May 16, 2024 - Politics & Policy

Why Trump's attorneys keep filing motions that are destined to fail

Former President Trump appears in court for his trial at Manhattan Criminal Court on April 23 in New York City. Photo: Curtis Means-Pool/Getty Images

Lawyers representing former President Donald Trump in his historic hush money trial have filed a flurry of legal requests that a New York judge has shot down. But whether they succeeded or not wasn't really the point, experts say.

Why it matters: The aggressive legal strategy, meant to both keep Trump happy and win in the court of public opinion, is a product of the unprecedented criminal trial of a former president as he campaigns for reelection.

The big picture: The legal team of the presumed Republican presidential candidate has utilized several delay tactics in his four criminal cases, seeking to punt his pending trials until after the November general election.

  • This "has been a singularly successful strategy on the part of the defense," criminal defense lawyer Richard Serafini, a former federal and Manhattan prosecutor, said in a phone interview.

Behind the scenes: Trump wants aggressive tactics, former federal prosecutor Neama Rahmani told Axios.

  • The former president "has reportedly been unhappy with [his attorney Todd Blanche] and some of the others that he believes were too soft," Rahmani, president of West Coast Trial Lawyers, explained.
  • So even if arguments for mistrials, gag order changes and subpoenas have little chance of success and are declined by the presiding judge, the lawyers are trying to appease their client, Rahmani said.

Between the lines: Even if Trump is convicted, his team is still playing to win with public opinion.

  • "The way that they're going about it may have more to do with who the client is," Serafini said. "There may be a political aspect to that, for the public to see."
  • Rahmani echoed the sentiment, saying that while Trump is in the middle of a presidential election, his supporters want to see him punch back.
  • "Trump has always been a fighter, so they're fighting for the court of public opinion as much as the courtroom," Rahmani said.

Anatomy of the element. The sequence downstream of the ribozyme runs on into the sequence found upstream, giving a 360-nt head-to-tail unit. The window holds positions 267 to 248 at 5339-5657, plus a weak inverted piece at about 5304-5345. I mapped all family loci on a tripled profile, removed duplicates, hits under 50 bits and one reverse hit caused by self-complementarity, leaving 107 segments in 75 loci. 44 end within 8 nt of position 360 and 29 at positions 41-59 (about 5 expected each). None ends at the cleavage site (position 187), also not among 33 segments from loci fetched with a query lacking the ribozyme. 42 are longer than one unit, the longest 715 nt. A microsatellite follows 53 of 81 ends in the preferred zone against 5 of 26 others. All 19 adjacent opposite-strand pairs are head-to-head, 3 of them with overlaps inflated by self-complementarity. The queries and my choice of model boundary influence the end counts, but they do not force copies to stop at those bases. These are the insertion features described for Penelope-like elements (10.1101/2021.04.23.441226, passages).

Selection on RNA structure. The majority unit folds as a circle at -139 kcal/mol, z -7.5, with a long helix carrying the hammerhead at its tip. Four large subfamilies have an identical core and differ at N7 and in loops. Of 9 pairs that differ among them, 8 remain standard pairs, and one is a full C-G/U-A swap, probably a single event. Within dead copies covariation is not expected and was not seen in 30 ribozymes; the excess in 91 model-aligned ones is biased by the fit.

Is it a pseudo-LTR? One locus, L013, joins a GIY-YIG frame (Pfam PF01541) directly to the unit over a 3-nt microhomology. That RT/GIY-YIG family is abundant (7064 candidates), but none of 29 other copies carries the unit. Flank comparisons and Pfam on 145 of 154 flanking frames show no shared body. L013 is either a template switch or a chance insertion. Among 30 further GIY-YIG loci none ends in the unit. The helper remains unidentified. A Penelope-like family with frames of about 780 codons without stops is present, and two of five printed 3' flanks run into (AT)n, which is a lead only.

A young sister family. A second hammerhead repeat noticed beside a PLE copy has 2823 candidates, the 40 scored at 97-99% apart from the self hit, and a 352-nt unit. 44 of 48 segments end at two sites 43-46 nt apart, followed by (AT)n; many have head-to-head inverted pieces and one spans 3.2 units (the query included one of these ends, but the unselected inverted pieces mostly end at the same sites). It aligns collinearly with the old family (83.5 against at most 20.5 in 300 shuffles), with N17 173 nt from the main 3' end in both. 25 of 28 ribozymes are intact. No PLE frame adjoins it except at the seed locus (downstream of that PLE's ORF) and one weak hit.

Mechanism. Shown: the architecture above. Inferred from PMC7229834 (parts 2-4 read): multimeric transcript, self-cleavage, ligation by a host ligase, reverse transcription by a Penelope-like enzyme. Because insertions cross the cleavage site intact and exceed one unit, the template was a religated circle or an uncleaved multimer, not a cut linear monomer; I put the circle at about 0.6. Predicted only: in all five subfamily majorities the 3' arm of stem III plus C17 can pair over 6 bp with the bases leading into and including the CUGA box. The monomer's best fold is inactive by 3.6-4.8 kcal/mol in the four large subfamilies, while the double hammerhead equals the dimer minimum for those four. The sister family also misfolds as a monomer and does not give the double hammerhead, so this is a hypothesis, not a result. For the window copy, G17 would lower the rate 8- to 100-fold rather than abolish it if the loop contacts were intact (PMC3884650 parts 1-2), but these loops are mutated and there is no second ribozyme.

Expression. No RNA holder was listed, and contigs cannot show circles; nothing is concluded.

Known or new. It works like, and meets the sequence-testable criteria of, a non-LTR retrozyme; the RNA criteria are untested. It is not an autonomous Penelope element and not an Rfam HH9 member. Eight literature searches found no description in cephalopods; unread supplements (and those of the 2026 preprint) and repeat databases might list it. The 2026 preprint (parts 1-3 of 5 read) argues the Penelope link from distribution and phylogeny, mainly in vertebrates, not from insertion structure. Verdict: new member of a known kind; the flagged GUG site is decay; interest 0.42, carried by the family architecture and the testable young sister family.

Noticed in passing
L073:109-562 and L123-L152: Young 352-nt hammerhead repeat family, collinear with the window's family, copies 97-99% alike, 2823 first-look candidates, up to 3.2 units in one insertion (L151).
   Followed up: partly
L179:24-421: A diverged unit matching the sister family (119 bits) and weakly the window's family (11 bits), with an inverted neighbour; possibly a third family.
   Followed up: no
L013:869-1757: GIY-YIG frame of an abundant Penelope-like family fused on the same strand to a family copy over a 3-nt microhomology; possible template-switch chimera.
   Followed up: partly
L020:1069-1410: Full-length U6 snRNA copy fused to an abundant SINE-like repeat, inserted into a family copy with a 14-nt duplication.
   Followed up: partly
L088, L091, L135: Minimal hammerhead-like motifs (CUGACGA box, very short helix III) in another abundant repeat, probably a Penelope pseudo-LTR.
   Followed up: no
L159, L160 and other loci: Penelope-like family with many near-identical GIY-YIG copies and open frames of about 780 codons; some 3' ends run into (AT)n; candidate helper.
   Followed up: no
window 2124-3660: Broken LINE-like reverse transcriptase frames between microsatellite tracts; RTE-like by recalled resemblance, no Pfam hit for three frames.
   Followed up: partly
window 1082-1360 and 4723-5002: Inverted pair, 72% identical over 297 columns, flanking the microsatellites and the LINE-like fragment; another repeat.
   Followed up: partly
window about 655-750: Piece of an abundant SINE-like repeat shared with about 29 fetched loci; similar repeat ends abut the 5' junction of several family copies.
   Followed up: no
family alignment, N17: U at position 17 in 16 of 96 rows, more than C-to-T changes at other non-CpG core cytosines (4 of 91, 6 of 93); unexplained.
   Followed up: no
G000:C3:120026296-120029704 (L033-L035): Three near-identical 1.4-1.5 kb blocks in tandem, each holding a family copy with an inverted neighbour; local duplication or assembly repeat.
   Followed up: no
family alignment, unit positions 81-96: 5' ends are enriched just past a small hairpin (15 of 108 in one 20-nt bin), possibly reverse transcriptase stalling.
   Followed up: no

Zoom out: If Trump is convicted, he will likely appeal, as he's done several times in all of his legal cases.

  • So his attorneys want to preserve these arguments for the appeal, according to Rahmani.
  • It's also not necessarily hurting Trump's legal team to keep pushing with these arguments, Rahmani said, because they are taking place outside the presence of the jurors.

State of play: Judge Juan Merchan nixed two mistrial motions in two days, declined to narrow a gag order to allow Trump to speak about a star witness and blasted a bid to subpoena a prosecutor, and a federal appeals court Tuesday separately rejected another attempt to end the gag order.

  • Despite those setbacks, Trump's legal team has kept pressing forward.
  • "The prosecution is laying out what is really kind of a typical or standard white-collar case," Serafini said. "The real issue that almost always comes down in these cases is, 'what's the knowledge of the defendant?'"
  • He noted the case revolves not around whether Trump had a relationship with adult film actor Stormy Daniels, but the fact that there was money paid to her and the question of why it was paid and who knew about it.

Worth noting: While Merchan has threatened Trump with jail time for violating the gag order in the case, experts say it is unlikely.

  • "I didn't think he was going to do it earlier, and I especially don't think he will do it now that [Michael] Cohen has talked about Trump on social media," Rahmani said.
  • There will likely be repeated fines for violations instead, per Serafini.
  • "Though Merchan said he won't modify the order, he is being more lax in enforcing it," Rahmani said. "I don't think Merchan has the stomach to take the unprecedented step of jailing a former president."

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